Trojans Mentor Teens With Rites of Sisterhood
“What is college life like? Is it fun?” asked Mykala Davis, a freshman at Foshay High School, during her first session with Rites of Sisterhood, a USC mentoring organization that pairs undergraduate women with teenage girls from neighboring areas.
The program began in 1997 with the goal of empowering and guiding young women of color through adolescence. Each year, Rites of Sisterhood mentors recruit new mentees at local high schools with the message that all are welcome to join. Often, mentees will bring friends to sessions as the school year progresses.
“There was a need to bring girls from around the neighborhood onto USC’s campus, to show them that college was attainable,” said Michaela Simpson, a senior majoring in health promotion and disease prevention and co-president of Rites of Sisterhood. “An aspect of that is letting the girls see women who look like them going to college.”
Every Saturday, mentors and mentees gather at EVK Restaurant and Grill for a breakfast, chat and briefing of the day’s activities. The group then moves to Waite Phillips Hall or a mentor’s apartment for a teaching session. Sessions cover a range of topics, including etiquette, healthy relationships, poetry and college admissions.
At a recent session in co-president Danielle Moon’s Cardinal Gardens apartment, the mentors began by pinning up a handmade poster of the organization’s rules, which encourage open-mindedness, participation, fun and positivity. The group then read aloud a short biography of the late U.S. Rep. Shirley Chisholm and discussed what stood out about her life — the challenges, ambitions and accomplishments she had as a woman of color.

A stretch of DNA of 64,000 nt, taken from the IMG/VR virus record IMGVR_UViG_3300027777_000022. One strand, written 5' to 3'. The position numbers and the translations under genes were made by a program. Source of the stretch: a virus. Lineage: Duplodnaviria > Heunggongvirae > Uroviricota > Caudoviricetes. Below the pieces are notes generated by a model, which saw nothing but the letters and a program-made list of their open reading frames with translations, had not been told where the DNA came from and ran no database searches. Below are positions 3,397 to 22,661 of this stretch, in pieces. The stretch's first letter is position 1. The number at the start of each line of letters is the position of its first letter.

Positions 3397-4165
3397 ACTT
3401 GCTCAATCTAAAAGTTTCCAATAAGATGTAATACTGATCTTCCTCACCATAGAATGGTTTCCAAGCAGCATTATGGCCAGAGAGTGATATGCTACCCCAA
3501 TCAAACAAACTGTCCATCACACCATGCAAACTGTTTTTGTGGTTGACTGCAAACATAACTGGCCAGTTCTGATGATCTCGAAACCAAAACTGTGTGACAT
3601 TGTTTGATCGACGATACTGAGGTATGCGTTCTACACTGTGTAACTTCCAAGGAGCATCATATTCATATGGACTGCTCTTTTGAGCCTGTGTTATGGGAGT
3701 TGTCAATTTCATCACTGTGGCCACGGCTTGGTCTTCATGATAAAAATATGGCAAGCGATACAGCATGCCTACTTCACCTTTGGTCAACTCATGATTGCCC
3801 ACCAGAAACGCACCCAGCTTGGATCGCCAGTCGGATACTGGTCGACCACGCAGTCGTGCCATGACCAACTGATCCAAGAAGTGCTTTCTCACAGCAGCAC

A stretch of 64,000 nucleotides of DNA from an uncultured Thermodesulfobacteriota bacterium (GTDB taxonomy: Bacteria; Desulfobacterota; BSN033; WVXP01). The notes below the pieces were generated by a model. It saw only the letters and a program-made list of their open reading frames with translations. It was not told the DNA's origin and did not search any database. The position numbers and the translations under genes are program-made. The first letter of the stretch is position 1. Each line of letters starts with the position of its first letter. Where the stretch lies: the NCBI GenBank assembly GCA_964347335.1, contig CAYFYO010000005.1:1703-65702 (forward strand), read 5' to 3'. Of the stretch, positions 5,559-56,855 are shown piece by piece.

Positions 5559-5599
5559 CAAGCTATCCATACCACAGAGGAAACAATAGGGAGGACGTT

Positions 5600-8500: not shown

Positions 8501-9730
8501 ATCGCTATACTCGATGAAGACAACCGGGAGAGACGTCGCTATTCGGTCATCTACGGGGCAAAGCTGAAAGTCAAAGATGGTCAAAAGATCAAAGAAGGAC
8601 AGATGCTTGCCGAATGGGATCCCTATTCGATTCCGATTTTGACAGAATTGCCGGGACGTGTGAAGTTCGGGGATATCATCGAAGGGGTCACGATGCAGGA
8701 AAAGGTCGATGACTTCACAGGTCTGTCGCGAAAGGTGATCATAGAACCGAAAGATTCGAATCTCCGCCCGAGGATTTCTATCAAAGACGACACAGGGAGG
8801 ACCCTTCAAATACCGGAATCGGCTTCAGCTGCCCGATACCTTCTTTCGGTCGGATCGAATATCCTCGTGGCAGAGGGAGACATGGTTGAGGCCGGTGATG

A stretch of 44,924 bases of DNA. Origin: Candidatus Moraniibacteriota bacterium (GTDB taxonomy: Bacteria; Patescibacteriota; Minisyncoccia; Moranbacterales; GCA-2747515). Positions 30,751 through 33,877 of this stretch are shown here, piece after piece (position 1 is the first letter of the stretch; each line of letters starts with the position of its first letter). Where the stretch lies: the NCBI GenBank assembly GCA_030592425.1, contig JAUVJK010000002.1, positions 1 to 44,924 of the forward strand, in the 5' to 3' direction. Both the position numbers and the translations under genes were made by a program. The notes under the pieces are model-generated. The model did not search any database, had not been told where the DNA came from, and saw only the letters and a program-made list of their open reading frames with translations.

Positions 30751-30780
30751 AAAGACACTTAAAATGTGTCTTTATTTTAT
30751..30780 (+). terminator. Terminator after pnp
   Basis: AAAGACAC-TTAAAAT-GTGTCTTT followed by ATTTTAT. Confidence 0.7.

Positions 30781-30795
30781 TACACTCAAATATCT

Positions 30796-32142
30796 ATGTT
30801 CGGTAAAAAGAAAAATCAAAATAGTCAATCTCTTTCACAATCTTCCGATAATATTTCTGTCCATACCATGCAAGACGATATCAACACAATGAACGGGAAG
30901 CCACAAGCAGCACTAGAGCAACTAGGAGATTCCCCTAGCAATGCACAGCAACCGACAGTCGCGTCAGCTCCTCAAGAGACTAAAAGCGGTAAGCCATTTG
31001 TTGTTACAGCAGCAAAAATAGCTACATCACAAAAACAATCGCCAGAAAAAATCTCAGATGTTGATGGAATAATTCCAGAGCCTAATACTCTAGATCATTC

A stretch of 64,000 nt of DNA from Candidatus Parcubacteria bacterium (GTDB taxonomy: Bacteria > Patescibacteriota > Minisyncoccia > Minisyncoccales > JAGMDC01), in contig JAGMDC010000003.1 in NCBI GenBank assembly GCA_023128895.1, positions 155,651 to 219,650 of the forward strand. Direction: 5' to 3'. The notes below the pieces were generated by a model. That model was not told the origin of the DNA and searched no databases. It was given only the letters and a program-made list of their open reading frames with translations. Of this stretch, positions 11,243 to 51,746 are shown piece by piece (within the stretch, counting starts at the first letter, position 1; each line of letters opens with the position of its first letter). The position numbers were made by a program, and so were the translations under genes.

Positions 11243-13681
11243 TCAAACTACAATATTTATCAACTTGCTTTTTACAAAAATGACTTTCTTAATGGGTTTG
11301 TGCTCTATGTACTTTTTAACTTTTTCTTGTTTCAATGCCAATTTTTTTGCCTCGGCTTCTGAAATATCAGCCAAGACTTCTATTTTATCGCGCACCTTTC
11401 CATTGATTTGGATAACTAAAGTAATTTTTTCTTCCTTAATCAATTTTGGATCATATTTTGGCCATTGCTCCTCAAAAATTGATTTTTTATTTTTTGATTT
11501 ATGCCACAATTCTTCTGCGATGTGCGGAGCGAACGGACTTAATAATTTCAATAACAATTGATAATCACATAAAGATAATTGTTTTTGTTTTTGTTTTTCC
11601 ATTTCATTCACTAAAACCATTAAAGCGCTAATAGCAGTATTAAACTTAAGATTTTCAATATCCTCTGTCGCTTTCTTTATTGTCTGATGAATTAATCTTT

“Chisholm had many different aspects to her identity, but she saw herself as a candidate for people everywhere,” said Moon, a sophomore majoring in business administration.
Following the discussion, the women worked on creating self-portraits from watercolors, chunks of clay and magazine clippings. When a mentee saw a magazine picture she considered degrading to women, the mentors initiated a talk about the image. As the day wore on, the group continued to have discussions about issues of self-awareness, self-esteem and identity.
Although education and development are the priorities of the organization, the women also enjoy each other’s company in a sociable atmosphere.
“We have a good time,” Simpson said. “The mentees do look up to us, and we have to set an example, but we laugh a lot, too.”
Christina Hoskin, a senior from San Marino High School and fourth-year mentee, agreed: “The program is really well-rounded. It’s not just academics, it’s fun.” Her favorite aspect of the program is “the bonding.”
Moon also values these special bonds and the growth that both mentors and mentees experience as a result.
“My favorite thing is seeing where they started at the beginning, and at the end of the year seeing where they are,” she said. “And seeing where you are — you’re changed, too. I’m always completely amazed by that.”